DNA Calf registration

Currently, 6,670 suckler herds have signed up to the new DNA calf registration programme. This means that over 200,000 suckler-bred calves will be registered using the new process in 2024.

A newborn calf must be tagged with a double tissue tag, with the DNA samples sent to the genotyping lab in the return envelopes provided, and the BVD samples will need to be posted to the relevant BVD lab as normal.

ICBF are insisting that samples are sent regularly. They are advising dairy farms to submit samples on a twice-weekly basis where cards are needed for sale of calves.

Once a week will likely suffice on suckler farms where numbers are a lot smaller and the urgency isn’t as big to get the card back.

All the basic calf registration details like date of birth, gender, sex, sire details, dam details etc, still need to be completed as soon as possible after the birth on agfood.ie or on an approved farm software package.

Paper registration methods are not accepted for farmers participating in the programme. DNA lab results will be sent to the ICBF database, which in turn will confirm parentage and share the results with the participating farmer/Department of Agriculture.

The calf’s passport will then be issued to the farmer. Farmers should have calf passports back within 11 days of posting the DNA sample.

The address for posting the DNA samples to the lab is: ICBF Genotype Laboratory, PO Box 1104, Naas Mail Centre, Co. Kildare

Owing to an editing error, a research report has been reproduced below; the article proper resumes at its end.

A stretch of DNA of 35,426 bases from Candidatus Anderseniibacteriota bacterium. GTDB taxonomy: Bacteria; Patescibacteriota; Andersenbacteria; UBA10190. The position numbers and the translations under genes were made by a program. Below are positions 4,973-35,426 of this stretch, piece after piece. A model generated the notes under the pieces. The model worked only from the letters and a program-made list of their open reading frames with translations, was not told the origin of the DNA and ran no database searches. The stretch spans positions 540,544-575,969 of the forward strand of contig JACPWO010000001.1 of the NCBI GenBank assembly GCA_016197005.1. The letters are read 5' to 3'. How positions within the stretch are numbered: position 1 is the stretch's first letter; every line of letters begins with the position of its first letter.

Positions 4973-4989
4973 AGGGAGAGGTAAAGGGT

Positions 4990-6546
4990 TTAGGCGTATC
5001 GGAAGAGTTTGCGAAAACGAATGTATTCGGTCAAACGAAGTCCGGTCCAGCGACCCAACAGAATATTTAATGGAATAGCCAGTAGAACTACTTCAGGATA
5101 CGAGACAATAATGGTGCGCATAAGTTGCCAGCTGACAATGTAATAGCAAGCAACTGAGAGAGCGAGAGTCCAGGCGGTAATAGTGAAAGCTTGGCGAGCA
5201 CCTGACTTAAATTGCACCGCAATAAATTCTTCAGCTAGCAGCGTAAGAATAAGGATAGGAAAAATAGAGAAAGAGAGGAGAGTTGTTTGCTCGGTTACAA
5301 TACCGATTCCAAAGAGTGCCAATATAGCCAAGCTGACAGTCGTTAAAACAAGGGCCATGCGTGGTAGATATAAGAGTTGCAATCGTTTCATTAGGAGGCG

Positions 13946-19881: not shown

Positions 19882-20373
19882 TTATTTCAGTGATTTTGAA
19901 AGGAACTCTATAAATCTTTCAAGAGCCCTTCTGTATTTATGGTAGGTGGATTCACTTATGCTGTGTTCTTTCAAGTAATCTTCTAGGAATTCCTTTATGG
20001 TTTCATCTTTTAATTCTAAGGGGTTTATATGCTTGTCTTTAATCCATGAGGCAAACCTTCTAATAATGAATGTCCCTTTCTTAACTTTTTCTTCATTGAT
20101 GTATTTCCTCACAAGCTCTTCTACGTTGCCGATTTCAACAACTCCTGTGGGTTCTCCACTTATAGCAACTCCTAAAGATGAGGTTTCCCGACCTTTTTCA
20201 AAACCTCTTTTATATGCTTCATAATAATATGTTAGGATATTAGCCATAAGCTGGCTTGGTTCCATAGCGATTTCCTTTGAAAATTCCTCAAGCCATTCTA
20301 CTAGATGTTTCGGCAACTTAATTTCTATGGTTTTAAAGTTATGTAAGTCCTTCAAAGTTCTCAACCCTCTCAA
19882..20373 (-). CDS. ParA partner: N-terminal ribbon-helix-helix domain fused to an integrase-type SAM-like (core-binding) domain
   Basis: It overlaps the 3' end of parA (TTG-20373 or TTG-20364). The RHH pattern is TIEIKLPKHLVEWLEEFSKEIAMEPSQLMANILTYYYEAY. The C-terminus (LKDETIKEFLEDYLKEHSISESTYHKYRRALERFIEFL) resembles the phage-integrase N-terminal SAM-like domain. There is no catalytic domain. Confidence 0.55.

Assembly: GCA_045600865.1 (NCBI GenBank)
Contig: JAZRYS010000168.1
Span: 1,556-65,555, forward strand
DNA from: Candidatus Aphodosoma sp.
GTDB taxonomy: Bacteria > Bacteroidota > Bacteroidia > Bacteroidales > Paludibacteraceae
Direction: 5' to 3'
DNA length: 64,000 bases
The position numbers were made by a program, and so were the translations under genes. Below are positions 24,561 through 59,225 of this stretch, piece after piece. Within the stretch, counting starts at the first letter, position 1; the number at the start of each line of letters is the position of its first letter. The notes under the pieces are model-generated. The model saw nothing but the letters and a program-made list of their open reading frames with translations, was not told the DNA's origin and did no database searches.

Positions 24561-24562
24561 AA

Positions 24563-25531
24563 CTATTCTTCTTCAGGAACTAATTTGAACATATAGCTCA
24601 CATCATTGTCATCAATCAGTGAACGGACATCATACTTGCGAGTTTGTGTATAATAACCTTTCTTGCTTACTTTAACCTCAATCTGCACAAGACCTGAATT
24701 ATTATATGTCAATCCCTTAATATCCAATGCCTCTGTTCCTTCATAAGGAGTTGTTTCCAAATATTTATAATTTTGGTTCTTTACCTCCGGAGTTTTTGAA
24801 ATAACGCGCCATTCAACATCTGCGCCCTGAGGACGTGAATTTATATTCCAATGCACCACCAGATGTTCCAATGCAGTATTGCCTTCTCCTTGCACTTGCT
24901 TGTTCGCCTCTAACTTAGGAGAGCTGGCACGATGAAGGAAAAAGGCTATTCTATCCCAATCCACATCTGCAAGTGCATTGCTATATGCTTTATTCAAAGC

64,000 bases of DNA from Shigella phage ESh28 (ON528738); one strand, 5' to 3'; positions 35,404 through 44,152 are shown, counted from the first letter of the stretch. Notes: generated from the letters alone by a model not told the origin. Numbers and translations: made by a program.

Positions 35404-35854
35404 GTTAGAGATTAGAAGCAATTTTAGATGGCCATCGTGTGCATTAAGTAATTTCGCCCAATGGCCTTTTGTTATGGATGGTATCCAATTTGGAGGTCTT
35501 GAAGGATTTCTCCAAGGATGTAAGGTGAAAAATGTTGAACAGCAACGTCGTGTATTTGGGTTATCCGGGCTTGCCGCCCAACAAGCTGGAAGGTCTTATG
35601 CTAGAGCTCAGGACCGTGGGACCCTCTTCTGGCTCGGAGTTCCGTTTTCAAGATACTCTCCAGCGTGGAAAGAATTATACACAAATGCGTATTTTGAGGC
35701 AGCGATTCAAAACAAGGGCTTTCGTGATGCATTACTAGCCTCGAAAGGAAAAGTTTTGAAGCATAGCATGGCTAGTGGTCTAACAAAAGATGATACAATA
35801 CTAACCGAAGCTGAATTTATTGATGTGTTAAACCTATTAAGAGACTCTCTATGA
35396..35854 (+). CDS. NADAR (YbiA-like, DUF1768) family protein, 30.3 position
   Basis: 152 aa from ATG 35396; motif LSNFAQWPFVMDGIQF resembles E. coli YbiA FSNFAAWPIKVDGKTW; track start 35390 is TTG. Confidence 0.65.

Preparing for Calving

It’s only January, but spring calving is just around the corner on many suckler farms. On this week’s beef page we have a chat with Shaun Diver about preparations for calving on Tullamore Farm, which is expected to start next week.

Cleaning out calving pens, fixing calving cameras, extra ropes and a spare jack are just some of the things that could be seen to before calving starts. With straw in short supply, plan for how you will get through calving with less.


There has been lots of slurry moving in the south and midlands where tanks are under pressure. Farmers in Zone C are reminded that the open season doesn’t commence until 1 Feb 2024. Slurry spreading rules dictate that for two weeks following the opening of the spreading period, slurry must be kept at least 10 metres away from rivers, streams, watercourses and drains.

This reverts to five metres once this time period has elapsed. It’s important to remember that slurry cannot be spread on fields that are frozen or snow covered, waterlogged, flooded or likely to flood, or heavy rain is forecast within 48 hours.

Teagasc advice to maximise the nutrient content of slurry by spreading using the following information:

  • Soil temperatures are at 6°C and rising;
  • Soils are trafficable and are not saturated;
  • Slurry is targeted to drier fields with a requirement for P and K and have a good pH balance;
  • Application rates of slurry must match growth rates of the crop.